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Aggravating and mitigating circumstances

Factors affecting a sentencing


decision
A magistrate or judge must take into account
individual factors:
The facts of the offence
The circumstances and seriousness of the offence
Certain subjective factors about the offender
themselves

Part 3 of the Crimes (Sentencing Procedure) Act
1999 (NSW) sets out numerous factors for judicial
officers to consider:

Aggravating factors circumstances that make
the offence more serious and can lead to an
increased sentence
Mitigating factors circumstances that make the
offence less severe and can lead to a reduced
sentence
Any other objective or subjective factor that affects
the relative seriousness of the offence (objective
refers to the crime, subjective refer to the personal
state of mind of the offender)
Whether the accused pleads guilty
Whether the offender assisted law enforcement
authorities
A victim impact statement from victims of the
offence


Not all aggravating and mitigating factors
automatically mean an increased or reduced
sentence their relevance will depend on the
circumstances of each case.
Aggravating factors
These are factors that somehow make the offence
more serious or severe.

They are likely to result in an increased sentence

They can relate to the:
way the offence was committed
characteristics of the victim
factors relating to the offender

They usually make offences less excusable or more
appealing e.g. Gratuitous violence (excessive amount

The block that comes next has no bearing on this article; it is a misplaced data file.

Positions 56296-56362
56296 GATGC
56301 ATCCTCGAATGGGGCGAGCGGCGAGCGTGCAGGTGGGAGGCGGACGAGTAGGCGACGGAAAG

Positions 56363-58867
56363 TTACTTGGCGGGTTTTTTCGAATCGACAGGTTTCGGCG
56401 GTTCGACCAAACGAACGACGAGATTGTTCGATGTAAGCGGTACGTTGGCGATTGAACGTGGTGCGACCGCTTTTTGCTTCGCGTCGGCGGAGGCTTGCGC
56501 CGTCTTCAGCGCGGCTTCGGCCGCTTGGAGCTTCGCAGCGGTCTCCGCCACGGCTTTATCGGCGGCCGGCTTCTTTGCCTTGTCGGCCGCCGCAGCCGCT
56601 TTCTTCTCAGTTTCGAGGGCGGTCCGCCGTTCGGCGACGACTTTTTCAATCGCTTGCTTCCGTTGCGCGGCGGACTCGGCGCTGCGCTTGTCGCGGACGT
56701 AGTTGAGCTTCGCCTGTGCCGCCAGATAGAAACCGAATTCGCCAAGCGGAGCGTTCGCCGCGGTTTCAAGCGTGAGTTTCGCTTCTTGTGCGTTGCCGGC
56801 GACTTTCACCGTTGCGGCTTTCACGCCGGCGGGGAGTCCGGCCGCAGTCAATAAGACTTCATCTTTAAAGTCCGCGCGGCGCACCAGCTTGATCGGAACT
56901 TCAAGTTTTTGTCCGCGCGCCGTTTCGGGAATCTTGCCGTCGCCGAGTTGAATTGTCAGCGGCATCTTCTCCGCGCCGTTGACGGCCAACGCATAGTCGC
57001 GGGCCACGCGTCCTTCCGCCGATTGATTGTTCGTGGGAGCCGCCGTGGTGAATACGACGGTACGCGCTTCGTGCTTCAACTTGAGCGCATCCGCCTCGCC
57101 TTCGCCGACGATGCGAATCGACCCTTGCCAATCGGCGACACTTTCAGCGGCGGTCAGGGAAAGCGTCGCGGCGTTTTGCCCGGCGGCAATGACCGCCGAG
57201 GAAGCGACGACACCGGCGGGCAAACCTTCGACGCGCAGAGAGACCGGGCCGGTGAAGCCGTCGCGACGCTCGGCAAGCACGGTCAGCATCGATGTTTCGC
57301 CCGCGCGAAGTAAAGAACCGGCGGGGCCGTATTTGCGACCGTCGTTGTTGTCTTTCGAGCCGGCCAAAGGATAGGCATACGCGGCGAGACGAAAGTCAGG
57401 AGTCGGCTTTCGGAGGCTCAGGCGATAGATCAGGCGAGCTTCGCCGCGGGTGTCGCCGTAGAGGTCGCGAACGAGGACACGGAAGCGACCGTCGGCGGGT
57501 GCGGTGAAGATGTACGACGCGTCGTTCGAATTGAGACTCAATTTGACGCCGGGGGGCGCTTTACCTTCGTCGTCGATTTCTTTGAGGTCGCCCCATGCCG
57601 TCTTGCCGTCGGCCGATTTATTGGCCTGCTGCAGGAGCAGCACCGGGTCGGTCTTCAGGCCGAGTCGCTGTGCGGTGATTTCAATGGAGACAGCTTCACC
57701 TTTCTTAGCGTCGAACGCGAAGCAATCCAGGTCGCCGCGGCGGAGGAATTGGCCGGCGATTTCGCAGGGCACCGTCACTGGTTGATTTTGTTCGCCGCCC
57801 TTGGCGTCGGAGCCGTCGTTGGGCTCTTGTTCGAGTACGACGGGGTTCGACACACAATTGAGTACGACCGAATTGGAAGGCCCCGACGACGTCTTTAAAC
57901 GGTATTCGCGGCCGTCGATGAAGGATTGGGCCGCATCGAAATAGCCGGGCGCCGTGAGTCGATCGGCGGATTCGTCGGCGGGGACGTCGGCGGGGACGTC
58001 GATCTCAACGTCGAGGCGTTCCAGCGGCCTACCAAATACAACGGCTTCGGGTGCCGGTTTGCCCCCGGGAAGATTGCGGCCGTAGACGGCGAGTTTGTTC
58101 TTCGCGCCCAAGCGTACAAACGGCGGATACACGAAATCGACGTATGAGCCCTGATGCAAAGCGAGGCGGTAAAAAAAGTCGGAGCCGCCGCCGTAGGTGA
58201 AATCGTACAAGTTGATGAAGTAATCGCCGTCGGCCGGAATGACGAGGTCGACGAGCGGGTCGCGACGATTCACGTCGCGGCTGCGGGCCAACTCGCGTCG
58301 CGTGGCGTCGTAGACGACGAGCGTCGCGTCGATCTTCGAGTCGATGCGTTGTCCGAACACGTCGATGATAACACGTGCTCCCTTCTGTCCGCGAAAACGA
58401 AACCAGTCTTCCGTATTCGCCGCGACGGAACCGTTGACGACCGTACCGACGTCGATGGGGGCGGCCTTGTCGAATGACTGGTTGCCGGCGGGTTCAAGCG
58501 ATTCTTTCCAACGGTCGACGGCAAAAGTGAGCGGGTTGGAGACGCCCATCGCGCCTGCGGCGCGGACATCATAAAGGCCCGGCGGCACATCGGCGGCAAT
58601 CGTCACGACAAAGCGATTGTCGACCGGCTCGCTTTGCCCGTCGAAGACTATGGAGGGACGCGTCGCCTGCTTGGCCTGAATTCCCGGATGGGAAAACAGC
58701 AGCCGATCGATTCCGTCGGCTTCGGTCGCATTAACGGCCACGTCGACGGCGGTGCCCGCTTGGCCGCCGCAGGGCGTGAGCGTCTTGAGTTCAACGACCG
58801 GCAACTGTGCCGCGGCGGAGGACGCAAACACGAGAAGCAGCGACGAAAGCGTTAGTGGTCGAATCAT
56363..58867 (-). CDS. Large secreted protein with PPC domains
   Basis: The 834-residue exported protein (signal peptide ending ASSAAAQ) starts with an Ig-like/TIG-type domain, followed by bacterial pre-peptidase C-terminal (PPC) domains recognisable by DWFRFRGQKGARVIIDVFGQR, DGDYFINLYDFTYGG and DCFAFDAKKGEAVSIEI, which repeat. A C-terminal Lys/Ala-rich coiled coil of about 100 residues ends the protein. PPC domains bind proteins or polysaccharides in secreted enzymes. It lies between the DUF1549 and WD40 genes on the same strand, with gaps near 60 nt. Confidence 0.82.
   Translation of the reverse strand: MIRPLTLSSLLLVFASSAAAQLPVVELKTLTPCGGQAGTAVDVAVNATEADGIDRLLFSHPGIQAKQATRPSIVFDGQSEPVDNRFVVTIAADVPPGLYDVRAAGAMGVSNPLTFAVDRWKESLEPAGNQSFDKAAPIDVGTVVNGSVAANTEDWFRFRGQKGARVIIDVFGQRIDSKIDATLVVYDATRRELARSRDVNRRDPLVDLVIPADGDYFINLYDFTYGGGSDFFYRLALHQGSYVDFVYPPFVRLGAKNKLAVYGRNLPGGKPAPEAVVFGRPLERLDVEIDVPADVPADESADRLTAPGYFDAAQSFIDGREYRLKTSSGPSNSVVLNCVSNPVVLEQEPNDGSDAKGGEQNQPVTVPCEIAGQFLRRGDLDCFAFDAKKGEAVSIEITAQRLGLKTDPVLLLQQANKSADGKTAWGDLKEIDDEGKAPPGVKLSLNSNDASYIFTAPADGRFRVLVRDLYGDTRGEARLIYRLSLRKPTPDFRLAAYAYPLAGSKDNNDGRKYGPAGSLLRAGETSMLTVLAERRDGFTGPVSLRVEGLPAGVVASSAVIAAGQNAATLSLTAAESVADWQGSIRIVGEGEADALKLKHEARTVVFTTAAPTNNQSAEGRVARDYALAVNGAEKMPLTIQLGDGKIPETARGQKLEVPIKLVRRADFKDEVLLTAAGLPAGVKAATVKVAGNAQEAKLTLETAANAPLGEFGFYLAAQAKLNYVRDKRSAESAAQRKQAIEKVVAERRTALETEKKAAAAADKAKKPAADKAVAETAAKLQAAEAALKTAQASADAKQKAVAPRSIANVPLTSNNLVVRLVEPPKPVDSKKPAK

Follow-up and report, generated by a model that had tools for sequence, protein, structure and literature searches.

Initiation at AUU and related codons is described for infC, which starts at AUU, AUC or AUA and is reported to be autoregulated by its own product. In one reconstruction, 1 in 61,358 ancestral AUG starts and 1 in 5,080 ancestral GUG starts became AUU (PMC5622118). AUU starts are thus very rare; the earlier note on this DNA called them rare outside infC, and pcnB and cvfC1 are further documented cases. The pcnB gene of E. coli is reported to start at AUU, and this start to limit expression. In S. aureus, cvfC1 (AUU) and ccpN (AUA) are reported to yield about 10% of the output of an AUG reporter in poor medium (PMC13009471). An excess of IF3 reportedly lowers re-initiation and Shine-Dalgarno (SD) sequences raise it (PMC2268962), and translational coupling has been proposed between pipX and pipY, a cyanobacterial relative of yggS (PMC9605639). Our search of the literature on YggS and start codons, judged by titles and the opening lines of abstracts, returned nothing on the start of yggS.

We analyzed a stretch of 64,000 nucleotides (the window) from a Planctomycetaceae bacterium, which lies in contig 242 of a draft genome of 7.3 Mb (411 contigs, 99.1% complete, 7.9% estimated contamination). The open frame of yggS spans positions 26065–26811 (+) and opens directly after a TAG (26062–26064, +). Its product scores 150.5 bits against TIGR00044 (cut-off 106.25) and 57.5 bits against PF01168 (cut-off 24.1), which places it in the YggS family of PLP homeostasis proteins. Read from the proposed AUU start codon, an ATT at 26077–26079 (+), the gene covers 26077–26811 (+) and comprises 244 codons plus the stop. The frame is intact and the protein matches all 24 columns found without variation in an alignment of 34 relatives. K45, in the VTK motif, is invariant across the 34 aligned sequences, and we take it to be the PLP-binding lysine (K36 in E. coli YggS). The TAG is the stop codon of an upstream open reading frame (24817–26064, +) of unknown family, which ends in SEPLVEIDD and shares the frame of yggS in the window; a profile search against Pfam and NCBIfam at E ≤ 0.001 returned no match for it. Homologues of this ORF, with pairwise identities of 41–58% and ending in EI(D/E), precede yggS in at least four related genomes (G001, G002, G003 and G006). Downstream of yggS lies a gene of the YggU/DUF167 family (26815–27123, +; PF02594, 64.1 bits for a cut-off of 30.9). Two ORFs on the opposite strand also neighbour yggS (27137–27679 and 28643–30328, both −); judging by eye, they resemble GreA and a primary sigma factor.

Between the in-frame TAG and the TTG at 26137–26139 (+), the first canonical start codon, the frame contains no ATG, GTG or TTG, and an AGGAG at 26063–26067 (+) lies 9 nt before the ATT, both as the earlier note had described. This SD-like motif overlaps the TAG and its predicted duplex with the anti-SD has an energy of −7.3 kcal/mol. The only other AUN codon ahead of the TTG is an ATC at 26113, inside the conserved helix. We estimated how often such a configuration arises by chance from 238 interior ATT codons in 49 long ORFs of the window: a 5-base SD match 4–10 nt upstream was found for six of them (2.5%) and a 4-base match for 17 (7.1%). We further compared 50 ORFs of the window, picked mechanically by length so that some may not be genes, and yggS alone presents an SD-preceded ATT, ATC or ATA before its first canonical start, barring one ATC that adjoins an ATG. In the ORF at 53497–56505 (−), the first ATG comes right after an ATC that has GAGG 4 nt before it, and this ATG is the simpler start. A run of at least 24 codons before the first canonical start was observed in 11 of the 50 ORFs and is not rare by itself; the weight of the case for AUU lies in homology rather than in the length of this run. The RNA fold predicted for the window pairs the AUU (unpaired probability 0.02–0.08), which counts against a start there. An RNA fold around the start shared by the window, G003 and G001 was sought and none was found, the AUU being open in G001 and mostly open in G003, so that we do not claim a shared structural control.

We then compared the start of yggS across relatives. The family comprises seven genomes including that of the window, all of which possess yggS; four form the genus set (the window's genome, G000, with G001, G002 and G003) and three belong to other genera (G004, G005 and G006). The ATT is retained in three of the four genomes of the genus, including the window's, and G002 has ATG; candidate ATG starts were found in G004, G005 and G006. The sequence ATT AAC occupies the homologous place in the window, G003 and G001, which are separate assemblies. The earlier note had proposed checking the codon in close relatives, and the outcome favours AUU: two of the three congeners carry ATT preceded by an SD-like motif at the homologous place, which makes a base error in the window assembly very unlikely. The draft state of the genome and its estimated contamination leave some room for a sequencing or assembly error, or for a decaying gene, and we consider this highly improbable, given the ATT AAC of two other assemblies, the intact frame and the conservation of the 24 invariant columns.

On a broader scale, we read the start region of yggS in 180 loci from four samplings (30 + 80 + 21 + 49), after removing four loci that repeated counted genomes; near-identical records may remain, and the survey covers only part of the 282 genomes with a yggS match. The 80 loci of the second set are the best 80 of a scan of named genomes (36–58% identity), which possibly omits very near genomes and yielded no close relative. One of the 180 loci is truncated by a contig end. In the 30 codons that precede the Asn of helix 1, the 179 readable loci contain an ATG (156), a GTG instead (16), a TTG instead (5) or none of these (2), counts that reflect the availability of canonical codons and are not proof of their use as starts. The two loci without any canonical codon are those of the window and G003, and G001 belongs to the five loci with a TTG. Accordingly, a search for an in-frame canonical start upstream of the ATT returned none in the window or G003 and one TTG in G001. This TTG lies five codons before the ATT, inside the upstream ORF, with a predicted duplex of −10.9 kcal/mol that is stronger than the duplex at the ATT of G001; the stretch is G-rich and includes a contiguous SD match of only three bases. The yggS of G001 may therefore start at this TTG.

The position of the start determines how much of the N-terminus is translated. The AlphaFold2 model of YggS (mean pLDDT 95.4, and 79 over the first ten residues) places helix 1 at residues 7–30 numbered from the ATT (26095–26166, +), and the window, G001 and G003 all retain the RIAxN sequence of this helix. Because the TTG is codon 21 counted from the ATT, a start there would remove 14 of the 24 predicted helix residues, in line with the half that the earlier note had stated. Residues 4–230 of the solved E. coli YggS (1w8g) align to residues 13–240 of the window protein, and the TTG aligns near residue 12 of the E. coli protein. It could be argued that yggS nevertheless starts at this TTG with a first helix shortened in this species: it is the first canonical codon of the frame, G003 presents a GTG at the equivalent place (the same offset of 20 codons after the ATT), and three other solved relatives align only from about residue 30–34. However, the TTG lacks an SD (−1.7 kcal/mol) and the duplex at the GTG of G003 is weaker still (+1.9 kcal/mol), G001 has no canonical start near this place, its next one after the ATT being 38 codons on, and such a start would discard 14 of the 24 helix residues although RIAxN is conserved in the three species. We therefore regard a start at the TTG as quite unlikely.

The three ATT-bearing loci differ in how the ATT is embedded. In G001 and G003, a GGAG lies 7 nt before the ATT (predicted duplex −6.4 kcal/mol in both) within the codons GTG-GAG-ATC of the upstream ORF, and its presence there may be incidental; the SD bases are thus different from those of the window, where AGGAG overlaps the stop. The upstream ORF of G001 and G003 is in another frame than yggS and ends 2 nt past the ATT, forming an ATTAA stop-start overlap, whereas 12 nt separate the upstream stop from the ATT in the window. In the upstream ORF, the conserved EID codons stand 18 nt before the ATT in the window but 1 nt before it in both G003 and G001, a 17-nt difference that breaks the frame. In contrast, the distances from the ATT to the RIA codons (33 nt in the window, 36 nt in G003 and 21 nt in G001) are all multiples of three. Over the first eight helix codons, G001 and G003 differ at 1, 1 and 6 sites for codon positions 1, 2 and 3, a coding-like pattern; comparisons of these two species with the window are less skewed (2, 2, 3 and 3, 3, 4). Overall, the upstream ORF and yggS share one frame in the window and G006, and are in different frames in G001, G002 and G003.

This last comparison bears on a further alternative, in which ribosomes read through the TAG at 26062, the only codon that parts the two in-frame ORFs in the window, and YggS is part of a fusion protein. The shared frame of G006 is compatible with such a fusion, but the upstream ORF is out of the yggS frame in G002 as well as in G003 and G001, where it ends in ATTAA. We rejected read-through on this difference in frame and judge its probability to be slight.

of violence carried out for no reason)
Aggravating factors
Some aggravating factors include:
Offence:
if it involved weapons, violence or cruelty, or threat of them
if it caused injury, harm or damage
if motivated by hatred or prejudice
if committed in the company or involved organised crime
Victim:
If the victim was vulnerable
If the victim was targeted for their occupation
If their were multiple victims
Offender:
If the offender abused a position of trust or authority when
committing the offence
If the offender is a re-offender or has any prior convictions
Mitigating factors

Mitigating factors involve circumstances that may
work in the defendants favour by explaining the
cause of their conduct.

Examples: showing remorse for what they did,
one-off occurrence


Mitigating factors

They are usually subjective factors about the
mind of the accused or their behaviour and can
include evidence that:

The offender is of good character or does not have
prior convictions
The offender is youthful or inexperienced and easily
led
The offender pleaded guilty or assisted police
The offender has shown honest remorse or has
good prospects of rehabilitation and is unlikely to
reoffend
The offender was somehow provoked or was acting
under duress